1) Euler line: For a cyclic quadrilateral, a dilation of -1/3 with centre G, maps ABCD onto the centroid quadrilateral A'B'C'D', and circumcentre O to O'. But a dilation with a scale factor of 3 from centre O, maps A'B'C'D' to A"B"C"D", and O" to H. Therefore, if H, the circumcentre of A"B"C"D", is defined as the 'orthocentre' of a cyclic quadrilateral, we have HG = 3GO (as well as HP = PO, where P is the nine-point (or Euler) centre).
2) Nagel line: For the circumscribed quadrilateral, a dilation of -1/3 with centre G, maps ABCD onto the centroid quadrilateral A'B'C'D', and incentre I to I', and because of the half-turn, I, G and I' are collinear. Next apply a dilation with a scale factor of 3 from centre I, to map A'B'C'D' to A"B"C"D", and I" to the point N, which we now constructively define as the Nagel point of a circumscribed quadrilateral. Then from the applied transformations we have similarly to the cyclic case that N, G and I are collinear, and NG = 3GI. If we analogously define the Spieker centre S as the midpoint of NI, we also have SG = GI.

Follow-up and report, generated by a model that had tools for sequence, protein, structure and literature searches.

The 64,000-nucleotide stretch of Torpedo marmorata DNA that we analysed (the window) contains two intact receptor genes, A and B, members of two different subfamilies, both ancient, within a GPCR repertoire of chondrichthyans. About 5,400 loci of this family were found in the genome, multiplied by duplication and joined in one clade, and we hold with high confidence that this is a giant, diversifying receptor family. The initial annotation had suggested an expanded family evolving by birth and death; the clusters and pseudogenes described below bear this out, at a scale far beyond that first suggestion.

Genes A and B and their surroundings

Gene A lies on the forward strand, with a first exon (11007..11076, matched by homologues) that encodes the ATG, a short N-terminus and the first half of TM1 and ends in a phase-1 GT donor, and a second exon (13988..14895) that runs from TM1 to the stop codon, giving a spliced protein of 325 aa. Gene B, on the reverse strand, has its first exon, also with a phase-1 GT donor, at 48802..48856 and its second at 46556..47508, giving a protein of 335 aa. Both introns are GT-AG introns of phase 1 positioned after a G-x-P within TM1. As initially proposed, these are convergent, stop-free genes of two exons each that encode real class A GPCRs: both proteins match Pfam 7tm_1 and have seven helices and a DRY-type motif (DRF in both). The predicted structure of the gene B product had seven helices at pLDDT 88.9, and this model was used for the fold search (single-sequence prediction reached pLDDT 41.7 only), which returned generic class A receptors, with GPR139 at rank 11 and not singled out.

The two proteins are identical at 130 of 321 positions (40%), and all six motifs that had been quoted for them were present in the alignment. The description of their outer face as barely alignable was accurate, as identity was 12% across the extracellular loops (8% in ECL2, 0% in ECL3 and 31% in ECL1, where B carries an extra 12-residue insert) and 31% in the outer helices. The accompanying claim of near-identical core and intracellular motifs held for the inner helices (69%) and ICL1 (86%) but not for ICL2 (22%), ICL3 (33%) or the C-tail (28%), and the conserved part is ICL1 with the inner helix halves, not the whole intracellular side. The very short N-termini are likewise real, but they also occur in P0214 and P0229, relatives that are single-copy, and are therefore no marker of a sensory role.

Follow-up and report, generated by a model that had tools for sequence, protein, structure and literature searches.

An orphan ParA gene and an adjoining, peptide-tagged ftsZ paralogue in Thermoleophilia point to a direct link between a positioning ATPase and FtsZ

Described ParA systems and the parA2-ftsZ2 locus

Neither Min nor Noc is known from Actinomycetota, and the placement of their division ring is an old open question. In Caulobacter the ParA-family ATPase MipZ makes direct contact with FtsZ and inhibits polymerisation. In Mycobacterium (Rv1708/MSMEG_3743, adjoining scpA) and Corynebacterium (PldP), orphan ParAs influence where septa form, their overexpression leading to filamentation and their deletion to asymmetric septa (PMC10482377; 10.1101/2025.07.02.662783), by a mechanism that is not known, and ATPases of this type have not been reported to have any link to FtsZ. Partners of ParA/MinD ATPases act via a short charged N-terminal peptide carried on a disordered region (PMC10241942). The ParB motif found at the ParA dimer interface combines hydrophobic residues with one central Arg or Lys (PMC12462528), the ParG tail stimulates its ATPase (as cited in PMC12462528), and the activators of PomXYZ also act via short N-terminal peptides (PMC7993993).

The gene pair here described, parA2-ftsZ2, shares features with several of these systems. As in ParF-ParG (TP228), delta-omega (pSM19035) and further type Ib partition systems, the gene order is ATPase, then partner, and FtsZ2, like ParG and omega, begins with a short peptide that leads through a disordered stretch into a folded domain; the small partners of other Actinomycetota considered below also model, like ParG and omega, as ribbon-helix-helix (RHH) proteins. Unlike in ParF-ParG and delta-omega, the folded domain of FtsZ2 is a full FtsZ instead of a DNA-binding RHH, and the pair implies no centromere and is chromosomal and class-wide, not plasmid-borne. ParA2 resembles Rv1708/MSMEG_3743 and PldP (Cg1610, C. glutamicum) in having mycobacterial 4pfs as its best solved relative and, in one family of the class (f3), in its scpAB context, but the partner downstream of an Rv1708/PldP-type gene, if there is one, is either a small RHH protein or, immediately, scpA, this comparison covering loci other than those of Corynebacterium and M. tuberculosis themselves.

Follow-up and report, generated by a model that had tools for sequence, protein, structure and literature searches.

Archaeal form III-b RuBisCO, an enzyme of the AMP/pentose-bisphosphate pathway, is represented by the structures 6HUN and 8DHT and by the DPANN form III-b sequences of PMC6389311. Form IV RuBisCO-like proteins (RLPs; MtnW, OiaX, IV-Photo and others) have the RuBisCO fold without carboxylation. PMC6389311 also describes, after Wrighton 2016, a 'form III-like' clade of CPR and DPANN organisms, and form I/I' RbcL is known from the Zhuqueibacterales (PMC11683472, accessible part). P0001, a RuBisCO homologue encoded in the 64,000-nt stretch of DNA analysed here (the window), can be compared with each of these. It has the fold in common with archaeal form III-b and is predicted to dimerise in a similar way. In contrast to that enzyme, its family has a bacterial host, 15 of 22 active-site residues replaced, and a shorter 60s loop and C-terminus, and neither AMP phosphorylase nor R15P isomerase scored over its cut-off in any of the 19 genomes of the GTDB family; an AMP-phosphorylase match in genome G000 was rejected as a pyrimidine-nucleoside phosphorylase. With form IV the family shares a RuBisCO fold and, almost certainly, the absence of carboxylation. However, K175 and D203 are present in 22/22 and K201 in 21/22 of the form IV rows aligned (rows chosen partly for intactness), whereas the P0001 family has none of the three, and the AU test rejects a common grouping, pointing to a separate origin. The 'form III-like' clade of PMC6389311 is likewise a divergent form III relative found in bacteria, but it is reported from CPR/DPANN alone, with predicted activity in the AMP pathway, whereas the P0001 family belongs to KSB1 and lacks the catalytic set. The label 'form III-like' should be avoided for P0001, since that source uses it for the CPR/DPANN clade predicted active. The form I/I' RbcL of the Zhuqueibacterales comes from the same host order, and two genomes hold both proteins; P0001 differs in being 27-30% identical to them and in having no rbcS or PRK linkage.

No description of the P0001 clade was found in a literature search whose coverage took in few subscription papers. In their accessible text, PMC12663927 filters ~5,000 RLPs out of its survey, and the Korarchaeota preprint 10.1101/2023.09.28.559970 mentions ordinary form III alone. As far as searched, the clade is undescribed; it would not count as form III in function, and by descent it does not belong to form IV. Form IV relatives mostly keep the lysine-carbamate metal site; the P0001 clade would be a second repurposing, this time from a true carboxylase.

Euler and Nagel lines for Cyclic and Circumscribed Quadrilaterals
Both results respectively generalize to cyclic and circumscribed polygons. For more information read my paper Generalizing the Nagel line to Circumscribed Polygons by Analogy & Constructive Defining.
Related link 1: For a dynamic sketch of the centroid G of a quadrilateral go to Point Mass Centroid of a quadrilateral.
Related link 2: For a dynamic sketch of the nine-point (or Euler) centre P of a cyclic quadrilateral go to Nine-point (Euler) centre of a cyclic quadrilateral.
Michael de Villiers, 6 April 2010.